Codrescu's 'Wakefield' -- the old deal with the devil

May 16, 2004|By Kevin Cowherd

Wakefield, by Andrei Codrescu. Algonquin Books. 288 pages. $24.95.

You talk about alienated.

Wakefield, the protagonist of Andrei Codrescu's weird new comic novel, makes Holden Caulfield look like a towel-snapping frat boy.

He makes Yossarian look as though he runs the weekend ham supper at church.

Wakefield dusts off a timeless (some would say shopworn) theme: Man makes a pact with the devil.

And from there it veers, with mixed results, into an on-the-road adventure -- forget Kerouac; think Woody Allen, without his medication, jumping onto one 757 after another -- and sociological exploration of some of the maddening aspects of late 20th-century American life.

The book opens with Satan coming to take Wakefield, a neurotic motivational speaker given to rambling discourses that seem alternately to perplex, infuriate and demoralize his audiences.

But Wakefield is in the prime of his life, such as it is, a life that seems to revolve around boozy, morose conversations at the corner tavern with his friend Ivan, a Russian emigre cab driver and barroom philosopher as cheerful and optimistic as Wakefield is dispirited.

As it happens, the devil is as conflicted as Wakefield -- he's been at the job too long, he's tired, Hell is getting as corporate and cutthroat as every other workplace, with all sorts of young, ambitious devils back-stabbing each other to get ahead.

Plying the devil with single-malt Scotch, Wakefield strikes a bargain: If Wakefield can find his "true life" in a year's time, the Dark One will let him go on living.

So Wakefield sets off on a cross-country lecture tour that allows Codrescu, long-time NPR commentator, essayist, poet and English professor at Louisiana State University, to riff, sometimes with hilarious results, on some of the insanities of modern life: business-traveler vampires juicing up their cell phones and laptops at airport electrical outlets, the hassles of airplane travel, billionaire corporate czars, cosmetic surgery, dilettante art collecting and the media driving everyone nuts.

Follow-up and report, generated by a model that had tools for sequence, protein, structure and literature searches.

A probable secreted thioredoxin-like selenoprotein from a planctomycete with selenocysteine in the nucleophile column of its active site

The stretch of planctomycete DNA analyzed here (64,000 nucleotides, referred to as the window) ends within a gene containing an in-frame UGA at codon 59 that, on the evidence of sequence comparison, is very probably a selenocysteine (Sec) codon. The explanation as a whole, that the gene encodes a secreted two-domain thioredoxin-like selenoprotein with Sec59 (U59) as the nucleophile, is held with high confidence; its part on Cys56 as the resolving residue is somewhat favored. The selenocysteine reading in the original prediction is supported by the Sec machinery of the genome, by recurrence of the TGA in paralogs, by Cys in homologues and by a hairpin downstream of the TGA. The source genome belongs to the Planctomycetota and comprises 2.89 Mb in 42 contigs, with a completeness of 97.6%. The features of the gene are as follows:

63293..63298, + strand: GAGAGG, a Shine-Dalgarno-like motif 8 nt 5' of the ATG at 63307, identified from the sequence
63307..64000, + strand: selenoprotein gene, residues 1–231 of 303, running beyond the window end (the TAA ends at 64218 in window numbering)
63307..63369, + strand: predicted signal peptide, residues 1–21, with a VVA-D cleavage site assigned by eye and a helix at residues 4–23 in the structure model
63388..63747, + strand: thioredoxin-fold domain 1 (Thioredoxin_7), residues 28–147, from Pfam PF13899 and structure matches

For some reason never fully explained, women find Wakefield attractive. And charismatic, too.

In fact, they jump into bed with him for Olympian rounds of sex if he so much as springs for a nightcap in his hotel room or shares a joint with them.

Then again, if film-goers could buy Diane Keaton having the hots for nebbishy Woody Allen -- especially when he peeled off his T-shirt to reveal a spectacularly scrawny chest and fishbelly-white skin -- they'll buy Wakefield, buzzed on champagne and killer sinsemilla, cavorting in a sauna with a tanned and toned West Coast woman.

By the novel's end, after his less-than-spectacular speaking tour and his one-night stands and a bizarre offer to sit out the coming assault on the "homeland" in the palatial bunker of a mysterious art collector who's also a nutcase survivalist, Wakefield returns home.

And, yes, he's been transformed.

Look, you can't be the alienated hero of a post-modern novel and travel thousands of miles, run into whacked-out characters and be thrust into one improbable situation after another and not be transformed.

But has he changed enough for the devil to give him a pass on the endless sleep?

Ultimately, the answer proves unsatisfying, as does much of Codrescu's witty, but uneven, novel.

Kevin Cowherd is a features columnist and reporter for The Sun. He has worked for The Evening Sun and The Sun since 1981. A collection of his columns, Last Call at the 7-Eleven (Bancroft Press, $19.95) can still be found at high-end flea markets and garage sales in the better neighborhoods in and around Baltimore.

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